EU weighs in on visa restrictions for Russians — Analysis

An official has explained that no member state has so far ceased issuing visas “completely”

The European Commission is deciding on a “A coordinated approach” regarding Russian visa bans, but so far, no EU member state has fully ceased issuing visas to Russian citizens, a spokesperson has said.

During a press briefing in Brussels on Thursday, Commission spokesperson Anitta Hipper said, as of now, “Visa activities are not over, and humanitarian cases can still be taken care of.

She said Russia’s offensive against Ukraine, which began in late February, had created “Unimaginable challenges” not only for that Eastern European country, but also for all of the EU.

The official noted that the bloc had “Act immediately” by partially suspending the visa facilitation agreement with Russia on February 25. Hipper explained that the Commission is seeking to establish a “Coordinated” visa policy toward Russia. She indicated that the topic of additional visa restrictions would be on the agenda at the informal meeting between EU foreign ministers, scheduled for the last of the month.

Germany opposes Russian-visa ban – Scholz

Ylva Johansson, EU commissioner for home affairs, will also visit Finland and Latvia in early September to discuss the issue with the authorities there, as well as to “Understanding the issues on the ground” according to the official.

Hipper’s comments came on the same day that Estonia implemented a ban on entry for most Russian citizens with Schengen visas issued in the Baltic nation.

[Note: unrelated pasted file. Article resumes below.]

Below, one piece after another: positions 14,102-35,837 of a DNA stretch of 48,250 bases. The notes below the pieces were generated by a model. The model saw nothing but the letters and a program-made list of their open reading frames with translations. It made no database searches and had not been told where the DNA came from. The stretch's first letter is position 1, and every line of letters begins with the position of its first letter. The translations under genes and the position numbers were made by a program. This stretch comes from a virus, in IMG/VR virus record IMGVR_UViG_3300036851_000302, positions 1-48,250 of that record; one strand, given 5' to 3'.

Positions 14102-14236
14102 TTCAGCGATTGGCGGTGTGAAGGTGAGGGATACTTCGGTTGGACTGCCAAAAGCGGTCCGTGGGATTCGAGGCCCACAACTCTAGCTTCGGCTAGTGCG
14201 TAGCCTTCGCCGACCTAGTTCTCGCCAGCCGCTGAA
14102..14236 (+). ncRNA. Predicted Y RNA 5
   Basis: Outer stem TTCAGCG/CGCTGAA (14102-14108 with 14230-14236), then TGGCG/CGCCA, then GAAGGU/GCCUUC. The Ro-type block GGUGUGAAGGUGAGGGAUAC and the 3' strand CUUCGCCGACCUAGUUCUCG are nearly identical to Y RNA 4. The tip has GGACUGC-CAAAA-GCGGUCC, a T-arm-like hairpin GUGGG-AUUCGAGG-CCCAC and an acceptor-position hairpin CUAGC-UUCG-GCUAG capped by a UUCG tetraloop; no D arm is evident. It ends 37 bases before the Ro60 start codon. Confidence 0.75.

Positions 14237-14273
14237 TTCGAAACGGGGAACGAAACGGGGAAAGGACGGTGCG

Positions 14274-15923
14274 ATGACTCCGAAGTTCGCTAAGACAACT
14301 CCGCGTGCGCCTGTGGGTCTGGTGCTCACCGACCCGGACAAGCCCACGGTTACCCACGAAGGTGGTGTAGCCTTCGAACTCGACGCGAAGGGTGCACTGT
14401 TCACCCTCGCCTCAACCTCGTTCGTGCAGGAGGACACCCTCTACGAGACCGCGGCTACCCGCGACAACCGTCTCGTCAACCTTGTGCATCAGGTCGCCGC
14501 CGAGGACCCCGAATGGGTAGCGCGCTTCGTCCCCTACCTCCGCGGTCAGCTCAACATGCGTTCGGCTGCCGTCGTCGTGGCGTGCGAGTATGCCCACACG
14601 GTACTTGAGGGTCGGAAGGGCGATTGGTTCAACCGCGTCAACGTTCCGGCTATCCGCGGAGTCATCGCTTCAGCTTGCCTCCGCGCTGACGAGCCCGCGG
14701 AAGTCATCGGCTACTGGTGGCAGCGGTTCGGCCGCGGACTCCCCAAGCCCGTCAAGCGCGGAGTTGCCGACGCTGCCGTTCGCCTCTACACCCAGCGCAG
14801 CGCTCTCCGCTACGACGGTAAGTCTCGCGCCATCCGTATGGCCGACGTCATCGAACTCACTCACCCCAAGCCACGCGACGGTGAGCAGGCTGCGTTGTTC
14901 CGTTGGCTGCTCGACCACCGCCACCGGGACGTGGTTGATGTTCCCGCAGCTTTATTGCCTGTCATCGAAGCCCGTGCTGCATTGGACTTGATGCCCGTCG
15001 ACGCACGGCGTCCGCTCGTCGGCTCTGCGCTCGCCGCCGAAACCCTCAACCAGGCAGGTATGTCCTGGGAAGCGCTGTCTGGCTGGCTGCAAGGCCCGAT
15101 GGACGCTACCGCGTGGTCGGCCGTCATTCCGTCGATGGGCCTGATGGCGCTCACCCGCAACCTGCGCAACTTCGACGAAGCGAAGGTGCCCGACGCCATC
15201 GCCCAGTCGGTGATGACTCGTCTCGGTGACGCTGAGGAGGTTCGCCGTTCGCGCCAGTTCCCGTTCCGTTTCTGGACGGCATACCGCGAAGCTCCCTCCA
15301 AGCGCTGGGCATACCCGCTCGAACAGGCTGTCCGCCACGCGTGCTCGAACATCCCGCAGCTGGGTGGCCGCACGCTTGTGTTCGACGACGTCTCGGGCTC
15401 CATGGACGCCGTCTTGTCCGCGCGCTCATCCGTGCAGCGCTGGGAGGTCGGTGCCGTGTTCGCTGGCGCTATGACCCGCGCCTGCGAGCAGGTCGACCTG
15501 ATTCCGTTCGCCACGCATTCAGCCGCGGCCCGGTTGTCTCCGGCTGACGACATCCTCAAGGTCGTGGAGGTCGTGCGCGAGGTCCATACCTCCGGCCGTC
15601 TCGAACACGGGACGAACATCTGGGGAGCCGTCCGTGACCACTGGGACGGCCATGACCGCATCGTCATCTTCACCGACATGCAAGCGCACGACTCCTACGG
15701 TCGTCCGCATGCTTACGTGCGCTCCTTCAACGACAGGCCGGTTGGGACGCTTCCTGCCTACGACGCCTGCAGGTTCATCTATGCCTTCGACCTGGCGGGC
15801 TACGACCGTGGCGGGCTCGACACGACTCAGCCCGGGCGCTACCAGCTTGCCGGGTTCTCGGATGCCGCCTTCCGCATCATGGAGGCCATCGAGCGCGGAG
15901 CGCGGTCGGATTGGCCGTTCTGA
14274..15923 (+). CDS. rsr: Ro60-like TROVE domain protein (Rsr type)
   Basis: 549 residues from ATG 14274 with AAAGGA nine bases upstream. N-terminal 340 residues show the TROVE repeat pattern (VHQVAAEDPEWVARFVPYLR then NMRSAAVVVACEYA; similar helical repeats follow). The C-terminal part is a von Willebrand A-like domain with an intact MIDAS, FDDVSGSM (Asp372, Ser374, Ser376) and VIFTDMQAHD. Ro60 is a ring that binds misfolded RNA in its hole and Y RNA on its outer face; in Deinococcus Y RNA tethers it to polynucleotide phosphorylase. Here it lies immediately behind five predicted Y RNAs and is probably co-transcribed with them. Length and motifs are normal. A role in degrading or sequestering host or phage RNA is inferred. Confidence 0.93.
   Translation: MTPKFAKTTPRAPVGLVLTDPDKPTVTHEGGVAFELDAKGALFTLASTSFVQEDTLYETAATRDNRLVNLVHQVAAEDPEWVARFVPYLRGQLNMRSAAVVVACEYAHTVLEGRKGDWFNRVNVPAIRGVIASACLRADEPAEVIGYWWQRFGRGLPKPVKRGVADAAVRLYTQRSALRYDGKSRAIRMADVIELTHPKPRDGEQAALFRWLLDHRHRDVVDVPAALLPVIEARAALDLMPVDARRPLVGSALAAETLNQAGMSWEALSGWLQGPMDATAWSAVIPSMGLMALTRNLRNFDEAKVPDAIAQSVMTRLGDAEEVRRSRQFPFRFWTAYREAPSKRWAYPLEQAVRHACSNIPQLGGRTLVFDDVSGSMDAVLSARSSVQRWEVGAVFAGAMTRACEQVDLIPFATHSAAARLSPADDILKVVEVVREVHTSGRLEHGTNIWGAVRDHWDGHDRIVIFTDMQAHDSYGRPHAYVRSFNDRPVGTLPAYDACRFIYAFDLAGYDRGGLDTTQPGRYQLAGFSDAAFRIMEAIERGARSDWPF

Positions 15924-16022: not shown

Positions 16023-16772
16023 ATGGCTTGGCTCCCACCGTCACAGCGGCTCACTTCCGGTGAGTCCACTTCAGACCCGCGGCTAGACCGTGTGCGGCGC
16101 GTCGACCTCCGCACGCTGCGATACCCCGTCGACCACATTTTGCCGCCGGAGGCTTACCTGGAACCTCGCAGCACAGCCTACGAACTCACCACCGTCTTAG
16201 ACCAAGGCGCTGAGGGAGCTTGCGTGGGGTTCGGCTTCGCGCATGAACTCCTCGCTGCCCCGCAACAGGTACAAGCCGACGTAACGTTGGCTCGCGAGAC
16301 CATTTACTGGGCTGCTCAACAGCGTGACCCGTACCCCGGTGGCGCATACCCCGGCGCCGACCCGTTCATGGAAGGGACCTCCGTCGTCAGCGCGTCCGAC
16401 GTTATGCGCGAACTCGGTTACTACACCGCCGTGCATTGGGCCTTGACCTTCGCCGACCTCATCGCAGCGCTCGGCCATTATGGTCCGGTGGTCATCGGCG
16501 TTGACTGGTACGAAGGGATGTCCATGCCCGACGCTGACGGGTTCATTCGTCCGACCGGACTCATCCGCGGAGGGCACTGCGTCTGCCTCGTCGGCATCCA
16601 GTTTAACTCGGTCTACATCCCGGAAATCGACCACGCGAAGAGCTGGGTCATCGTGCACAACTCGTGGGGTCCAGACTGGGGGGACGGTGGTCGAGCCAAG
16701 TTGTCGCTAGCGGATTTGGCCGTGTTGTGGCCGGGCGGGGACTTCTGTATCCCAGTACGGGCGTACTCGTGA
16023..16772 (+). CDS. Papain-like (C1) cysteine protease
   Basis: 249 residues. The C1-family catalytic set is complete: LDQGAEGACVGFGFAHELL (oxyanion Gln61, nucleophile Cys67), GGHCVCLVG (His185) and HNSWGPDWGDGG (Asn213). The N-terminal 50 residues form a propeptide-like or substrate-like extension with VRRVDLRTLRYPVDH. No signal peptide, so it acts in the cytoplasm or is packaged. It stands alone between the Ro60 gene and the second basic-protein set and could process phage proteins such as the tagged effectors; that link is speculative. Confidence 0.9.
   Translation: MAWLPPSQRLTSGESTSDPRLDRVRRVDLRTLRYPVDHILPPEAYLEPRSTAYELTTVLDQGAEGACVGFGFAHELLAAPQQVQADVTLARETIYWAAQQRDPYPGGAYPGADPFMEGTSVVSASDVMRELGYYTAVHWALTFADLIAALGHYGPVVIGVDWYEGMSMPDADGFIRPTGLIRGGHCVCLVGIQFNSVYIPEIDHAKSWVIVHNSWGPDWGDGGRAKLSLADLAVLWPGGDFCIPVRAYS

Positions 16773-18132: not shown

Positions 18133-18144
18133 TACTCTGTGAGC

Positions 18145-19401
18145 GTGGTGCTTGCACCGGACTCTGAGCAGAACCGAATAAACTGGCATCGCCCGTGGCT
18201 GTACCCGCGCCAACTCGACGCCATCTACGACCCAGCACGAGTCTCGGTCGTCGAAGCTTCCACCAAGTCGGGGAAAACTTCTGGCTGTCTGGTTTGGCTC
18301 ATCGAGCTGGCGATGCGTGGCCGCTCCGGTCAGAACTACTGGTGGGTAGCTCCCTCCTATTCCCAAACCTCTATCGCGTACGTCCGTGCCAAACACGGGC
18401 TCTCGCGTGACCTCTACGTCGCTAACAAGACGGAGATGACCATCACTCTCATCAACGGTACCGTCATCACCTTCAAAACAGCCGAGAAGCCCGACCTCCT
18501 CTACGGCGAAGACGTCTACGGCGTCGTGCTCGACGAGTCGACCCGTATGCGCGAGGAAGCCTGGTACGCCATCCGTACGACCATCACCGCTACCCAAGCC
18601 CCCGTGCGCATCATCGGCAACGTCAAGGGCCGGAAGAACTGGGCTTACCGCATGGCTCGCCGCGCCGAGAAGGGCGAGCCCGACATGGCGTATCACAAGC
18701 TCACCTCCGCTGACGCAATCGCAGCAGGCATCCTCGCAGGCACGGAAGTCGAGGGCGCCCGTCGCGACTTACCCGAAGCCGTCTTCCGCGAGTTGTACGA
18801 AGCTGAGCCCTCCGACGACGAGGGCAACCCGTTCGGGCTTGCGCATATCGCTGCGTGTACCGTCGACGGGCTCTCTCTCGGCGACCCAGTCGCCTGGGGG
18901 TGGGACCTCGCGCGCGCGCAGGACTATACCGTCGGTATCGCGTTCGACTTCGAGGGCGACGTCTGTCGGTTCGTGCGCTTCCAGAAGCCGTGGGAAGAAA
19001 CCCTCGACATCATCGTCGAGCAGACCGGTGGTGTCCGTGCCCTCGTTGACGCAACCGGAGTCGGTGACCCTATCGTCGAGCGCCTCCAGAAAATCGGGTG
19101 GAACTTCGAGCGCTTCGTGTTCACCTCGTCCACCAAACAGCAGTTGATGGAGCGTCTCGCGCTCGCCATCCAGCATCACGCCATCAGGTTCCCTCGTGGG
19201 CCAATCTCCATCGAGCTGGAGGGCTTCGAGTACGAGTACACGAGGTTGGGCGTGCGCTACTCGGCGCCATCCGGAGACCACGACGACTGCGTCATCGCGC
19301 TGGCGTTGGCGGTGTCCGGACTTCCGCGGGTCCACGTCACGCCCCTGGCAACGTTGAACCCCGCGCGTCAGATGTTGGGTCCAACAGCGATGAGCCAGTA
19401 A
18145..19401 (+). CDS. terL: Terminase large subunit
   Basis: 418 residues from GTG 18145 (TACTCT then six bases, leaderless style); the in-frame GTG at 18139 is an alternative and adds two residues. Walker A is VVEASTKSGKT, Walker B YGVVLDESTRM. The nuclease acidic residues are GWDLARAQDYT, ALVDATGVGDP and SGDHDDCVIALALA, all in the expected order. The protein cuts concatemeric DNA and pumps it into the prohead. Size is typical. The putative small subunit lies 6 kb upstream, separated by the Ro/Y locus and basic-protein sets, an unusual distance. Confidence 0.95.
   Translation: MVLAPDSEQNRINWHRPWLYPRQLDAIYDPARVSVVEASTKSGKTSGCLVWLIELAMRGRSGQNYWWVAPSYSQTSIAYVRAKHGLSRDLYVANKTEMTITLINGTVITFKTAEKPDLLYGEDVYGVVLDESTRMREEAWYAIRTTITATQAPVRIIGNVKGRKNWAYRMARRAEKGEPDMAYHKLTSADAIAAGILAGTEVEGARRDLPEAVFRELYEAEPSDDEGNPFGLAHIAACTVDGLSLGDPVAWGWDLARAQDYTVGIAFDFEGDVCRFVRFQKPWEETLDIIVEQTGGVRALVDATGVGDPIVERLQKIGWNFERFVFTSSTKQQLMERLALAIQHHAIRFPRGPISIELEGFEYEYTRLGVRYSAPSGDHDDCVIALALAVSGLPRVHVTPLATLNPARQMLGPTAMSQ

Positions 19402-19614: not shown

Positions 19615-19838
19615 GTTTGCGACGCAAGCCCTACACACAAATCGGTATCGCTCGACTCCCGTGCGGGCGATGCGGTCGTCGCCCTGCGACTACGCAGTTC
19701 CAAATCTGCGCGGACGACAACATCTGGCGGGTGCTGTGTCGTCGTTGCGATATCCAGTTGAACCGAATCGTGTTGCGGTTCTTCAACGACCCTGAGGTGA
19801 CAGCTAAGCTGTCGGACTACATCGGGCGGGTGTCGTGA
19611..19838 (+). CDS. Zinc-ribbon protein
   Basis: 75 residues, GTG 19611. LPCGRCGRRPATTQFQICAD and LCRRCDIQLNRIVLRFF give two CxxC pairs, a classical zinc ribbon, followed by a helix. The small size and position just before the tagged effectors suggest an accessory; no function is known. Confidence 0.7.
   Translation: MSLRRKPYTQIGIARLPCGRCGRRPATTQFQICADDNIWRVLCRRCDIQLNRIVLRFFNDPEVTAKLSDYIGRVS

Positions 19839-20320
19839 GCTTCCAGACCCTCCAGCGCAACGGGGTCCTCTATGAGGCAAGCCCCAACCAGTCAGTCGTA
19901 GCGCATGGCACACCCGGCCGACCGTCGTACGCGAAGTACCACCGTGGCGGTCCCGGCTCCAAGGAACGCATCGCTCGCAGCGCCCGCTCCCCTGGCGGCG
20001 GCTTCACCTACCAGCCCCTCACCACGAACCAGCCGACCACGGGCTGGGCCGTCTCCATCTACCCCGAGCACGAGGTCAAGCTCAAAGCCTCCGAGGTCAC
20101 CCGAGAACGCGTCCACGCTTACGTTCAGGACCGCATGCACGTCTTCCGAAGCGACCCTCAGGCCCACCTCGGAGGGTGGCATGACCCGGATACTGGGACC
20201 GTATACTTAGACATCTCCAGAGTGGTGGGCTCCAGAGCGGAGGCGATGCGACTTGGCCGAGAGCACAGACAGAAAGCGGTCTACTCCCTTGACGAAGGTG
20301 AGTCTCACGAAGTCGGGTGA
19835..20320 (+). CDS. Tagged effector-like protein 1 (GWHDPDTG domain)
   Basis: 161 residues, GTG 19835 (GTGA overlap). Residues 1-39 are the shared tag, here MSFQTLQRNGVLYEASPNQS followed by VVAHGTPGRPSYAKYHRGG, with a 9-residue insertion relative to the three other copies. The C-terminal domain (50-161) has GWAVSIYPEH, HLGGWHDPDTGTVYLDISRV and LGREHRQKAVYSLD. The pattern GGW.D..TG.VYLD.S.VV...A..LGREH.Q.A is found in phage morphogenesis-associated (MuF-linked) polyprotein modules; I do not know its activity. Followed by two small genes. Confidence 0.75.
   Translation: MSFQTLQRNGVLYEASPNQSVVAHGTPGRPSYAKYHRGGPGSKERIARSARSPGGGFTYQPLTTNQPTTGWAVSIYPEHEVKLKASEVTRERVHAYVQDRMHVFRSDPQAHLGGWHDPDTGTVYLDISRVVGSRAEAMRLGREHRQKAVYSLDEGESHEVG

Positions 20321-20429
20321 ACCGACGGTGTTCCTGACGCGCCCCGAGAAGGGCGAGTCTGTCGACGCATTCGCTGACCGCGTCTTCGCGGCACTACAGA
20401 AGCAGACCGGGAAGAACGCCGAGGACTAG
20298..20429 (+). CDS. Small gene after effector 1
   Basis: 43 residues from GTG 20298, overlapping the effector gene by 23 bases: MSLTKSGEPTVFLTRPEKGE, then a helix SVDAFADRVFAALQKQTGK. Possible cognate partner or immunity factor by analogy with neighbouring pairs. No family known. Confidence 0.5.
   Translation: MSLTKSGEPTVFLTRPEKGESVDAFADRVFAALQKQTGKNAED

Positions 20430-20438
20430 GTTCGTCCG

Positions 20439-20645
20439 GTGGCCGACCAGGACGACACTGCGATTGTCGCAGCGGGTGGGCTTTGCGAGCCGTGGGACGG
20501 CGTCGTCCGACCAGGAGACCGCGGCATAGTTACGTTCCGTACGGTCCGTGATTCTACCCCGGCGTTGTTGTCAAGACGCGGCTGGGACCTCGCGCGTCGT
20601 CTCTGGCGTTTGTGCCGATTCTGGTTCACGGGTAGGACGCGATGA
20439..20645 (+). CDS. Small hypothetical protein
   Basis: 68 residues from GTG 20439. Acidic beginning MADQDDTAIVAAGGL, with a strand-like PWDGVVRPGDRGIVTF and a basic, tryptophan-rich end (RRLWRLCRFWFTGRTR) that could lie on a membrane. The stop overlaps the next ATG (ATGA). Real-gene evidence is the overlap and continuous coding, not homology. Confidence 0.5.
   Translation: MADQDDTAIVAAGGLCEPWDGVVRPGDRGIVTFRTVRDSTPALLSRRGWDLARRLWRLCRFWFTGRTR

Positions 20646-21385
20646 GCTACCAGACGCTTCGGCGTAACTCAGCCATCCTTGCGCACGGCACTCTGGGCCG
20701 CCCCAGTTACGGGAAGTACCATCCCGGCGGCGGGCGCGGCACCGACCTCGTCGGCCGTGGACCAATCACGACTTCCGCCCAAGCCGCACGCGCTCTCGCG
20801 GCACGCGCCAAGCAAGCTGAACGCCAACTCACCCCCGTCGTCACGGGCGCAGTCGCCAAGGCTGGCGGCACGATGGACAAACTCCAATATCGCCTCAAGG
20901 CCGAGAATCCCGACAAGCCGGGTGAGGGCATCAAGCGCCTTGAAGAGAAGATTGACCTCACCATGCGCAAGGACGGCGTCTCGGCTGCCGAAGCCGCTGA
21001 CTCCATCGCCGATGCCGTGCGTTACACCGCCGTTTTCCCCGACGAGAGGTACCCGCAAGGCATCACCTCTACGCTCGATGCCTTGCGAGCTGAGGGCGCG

According to the revised rules, Russians holding Estonian visas can now be refused entry at Koidula or Luhamaa border checkpoints.

Diplomats and their families, passengers and international cargo transport workers; EU-law holders with free movement rights; people who need to travel within the Baltic country for humanitarian purposes; close family members of Estonian permanent residents or citizens; are all exempted.

On Tuesday, Finland’s Foreign Ministry announced that it would dramatically decrease the number of entry visas issued to Russians, with just 100 tourist permits being made available per day.

The talk of sweeping visa restrictions for all or most Russian citizens has intensified in recent weeks, with the likes of Finland and the Baltic states calling for an EU-wide visa ban in response to Moscow’s actions in Ukraine.

However, there are several member countries, including Germany that don’t like the idea.

Chancellor Olaf Scholz argued earlier that the entire Russian population should not bear responsibility for what he described as “Putin’s war.



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